Since taking over the police and courts beat at the Herald, one of the most difficult and challenging parts of my job is trying strike a balance the public's right to know with the need to show empathy and sensitivity to victims of a tragedy.

It's a balance that I and my fellow reports spend a lot of time thinking about, and working to achieve. In less than a year's time, our newsroom has had to cover a second shooting on fort hood, and the death's of two local police officers.

Just how report those tragic events, records the public's reaction, and respect the right of all those impacted to grieve, is never far from our minds.

That question is even more poignant as we prepare to mark the one year anniversary of the shooting death of Killeen police officer Robert Hornsby.

Hornsby was the first KPD officer killed in the line of duty since 1917, and in the aftermath of his death his widow, Kimberly, was thrust into the spotlight. Her family grief, and their journey was very public. Their shock and sadness at the loss mirrored that of the community.

Months later, the community and media once again looked to her after another KPD officer was shot and killed. I'm sure having to see the reports and events that followed were not easy.

Today, I was able to sit down with Kim for a one-on-one interview, to discuss her journey over the past year, which has included her appearing and speaking at nearly every event held in her husband's honor. When asking her for he thoughts on sharing such a personal loss so publicly, there were a few quotes from her I found particularly illuminating:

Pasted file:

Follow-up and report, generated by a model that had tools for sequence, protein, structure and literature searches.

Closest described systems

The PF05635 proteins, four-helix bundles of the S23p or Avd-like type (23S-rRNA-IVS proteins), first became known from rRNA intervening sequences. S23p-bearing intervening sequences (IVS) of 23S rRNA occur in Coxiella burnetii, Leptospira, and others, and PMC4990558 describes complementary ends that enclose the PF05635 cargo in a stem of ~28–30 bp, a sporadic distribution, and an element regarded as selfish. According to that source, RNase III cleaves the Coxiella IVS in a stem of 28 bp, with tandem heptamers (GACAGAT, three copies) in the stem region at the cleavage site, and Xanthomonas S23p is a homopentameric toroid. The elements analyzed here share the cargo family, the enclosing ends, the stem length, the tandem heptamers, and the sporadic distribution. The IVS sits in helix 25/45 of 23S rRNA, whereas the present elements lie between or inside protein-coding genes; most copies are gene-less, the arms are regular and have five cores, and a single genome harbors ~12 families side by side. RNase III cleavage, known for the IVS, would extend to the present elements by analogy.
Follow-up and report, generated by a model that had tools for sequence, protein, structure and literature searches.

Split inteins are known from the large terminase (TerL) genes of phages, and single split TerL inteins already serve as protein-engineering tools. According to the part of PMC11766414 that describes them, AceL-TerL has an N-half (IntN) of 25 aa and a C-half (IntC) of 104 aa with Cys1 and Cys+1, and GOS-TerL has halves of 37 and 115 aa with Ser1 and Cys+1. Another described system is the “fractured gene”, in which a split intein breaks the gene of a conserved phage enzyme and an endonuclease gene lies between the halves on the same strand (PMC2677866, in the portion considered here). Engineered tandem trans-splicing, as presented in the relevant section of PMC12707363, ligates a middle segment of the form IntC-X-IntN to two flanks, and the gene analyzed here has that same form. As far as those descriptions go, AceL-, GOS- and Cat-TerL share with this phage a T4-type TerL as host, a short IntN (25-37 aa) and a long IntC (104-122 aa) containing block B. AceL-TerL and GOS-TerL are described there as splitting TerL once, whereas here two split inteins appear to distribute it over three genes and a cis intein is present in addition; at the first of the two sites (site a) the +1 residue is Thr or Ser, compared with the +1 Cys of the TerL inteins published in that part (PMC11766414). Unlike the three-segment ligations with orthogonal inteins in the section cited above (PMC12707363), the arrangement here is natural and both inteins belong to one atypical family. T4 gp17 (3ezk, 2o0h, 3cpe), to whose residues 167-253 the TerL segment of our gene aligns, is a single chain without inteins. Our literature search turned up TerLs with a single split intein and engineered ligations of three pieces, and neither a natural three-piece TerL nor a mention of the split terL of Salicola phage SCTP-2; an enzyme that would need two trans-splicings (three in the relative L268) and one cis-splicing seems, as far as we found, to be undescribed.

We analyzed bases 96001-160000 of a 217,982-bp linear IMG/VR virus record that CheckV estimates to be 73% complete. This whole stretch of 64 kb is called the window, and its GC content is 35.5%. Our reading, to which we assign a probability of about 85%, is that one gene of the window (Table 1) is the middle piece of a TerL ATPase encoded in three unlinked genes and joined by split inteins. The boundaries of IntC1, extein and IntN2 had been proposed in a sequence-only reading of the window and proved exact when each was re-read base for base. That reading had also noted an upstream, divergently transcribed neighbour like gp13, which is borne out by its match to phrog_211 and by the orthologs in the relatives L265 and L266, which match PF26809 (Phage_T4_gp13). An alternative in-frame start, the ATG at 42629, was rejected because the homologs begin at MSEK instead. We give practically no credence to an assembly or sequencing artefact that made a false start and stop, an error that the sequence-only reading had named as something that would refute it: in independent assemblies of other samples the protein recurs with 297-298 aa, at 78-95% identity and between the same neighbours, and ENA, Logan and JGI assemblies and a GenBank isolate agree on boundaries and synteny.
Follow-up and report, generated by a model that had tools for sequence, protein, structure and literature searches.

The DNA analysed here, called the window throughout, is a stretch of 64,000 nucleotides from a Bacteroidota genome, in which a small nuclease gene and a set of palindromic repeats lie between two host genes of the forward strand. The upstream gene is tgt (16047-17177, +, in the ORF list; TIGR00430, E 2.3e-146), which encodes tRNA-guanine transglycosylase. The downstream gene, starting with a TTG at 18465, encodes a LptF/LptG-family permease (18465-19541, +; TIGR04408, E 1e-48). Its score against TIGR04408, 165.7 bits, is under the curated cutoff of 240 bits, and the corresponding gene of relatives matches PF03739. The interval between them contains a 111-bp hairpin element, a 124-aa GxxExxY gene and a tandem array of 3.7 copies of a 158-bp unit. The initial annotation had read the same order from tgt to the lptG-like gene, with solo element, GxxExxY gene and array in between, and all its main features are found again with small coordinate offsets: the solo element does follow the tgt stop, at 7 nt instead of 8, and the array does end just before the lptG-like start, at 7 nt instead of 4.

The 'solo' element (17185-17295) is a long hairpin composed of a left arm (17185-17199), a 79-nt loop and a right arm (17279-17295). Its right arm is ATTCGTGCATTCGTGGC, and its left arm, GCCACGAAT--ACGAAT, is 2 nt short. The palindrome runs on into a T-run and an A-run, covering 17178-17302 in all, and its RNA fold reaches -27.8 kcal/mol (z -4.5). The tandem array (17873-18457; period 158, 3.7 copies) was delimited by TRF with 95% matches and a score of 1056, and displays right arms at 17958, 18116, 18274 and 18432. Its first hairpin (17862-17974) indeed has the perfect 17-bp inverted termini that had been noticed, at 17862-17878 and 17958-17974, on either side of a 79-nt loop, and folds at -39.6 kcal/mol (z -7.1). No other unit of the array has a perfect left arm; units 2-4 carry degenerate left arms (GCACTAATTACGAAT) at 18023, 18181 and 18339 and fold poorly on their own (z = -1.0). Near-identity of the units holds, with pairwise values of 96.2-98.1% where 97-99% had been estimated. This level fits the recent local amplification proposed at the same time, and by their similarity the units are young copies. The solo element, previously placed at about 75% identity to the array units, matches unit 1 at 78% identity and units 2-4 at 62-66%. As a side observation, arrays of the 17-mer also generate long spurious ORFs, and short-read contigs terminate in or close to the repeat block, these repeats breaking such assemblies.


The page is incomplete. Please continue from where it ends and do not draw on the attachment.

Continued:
"There  was a point where I told myself ‘I'll give this first year to Bobby... I kind of came to that conclusion that the year would be all about him and his sacrifice,"

Kim also said that making the decision to be public about the ups and downs of her loss was part of her own healing process.

“It’s helped in the healing process a lot. Just to see the amount of people that care for us and Bobby, and wanted to see us thrive past this and not let it define who we are.”

Like many other people I have interviewed, Kim has taken her personal story of coping with a loss, and tried to make others aware of the lessons she has taken from it. In her own way, she has helped the community cope with its own feelings of loss and sadness at the loss of a police officer in such a sudden and violent manner.  

While reporting on such tragic events is difficult, allowing those effected to have have a voice and offering them a chance to tell their story, is an important part of what we do. Kim Hornsby's story is an important reminder that we that responsibility.

You can read the full story in the Herald this Sunday, and watch the full interview with Kim on our website.

Contact Chris McGuinness at chrism@kdhnews.com or (254) 501-7568. Follow him on Twitter at ChrismKDH.

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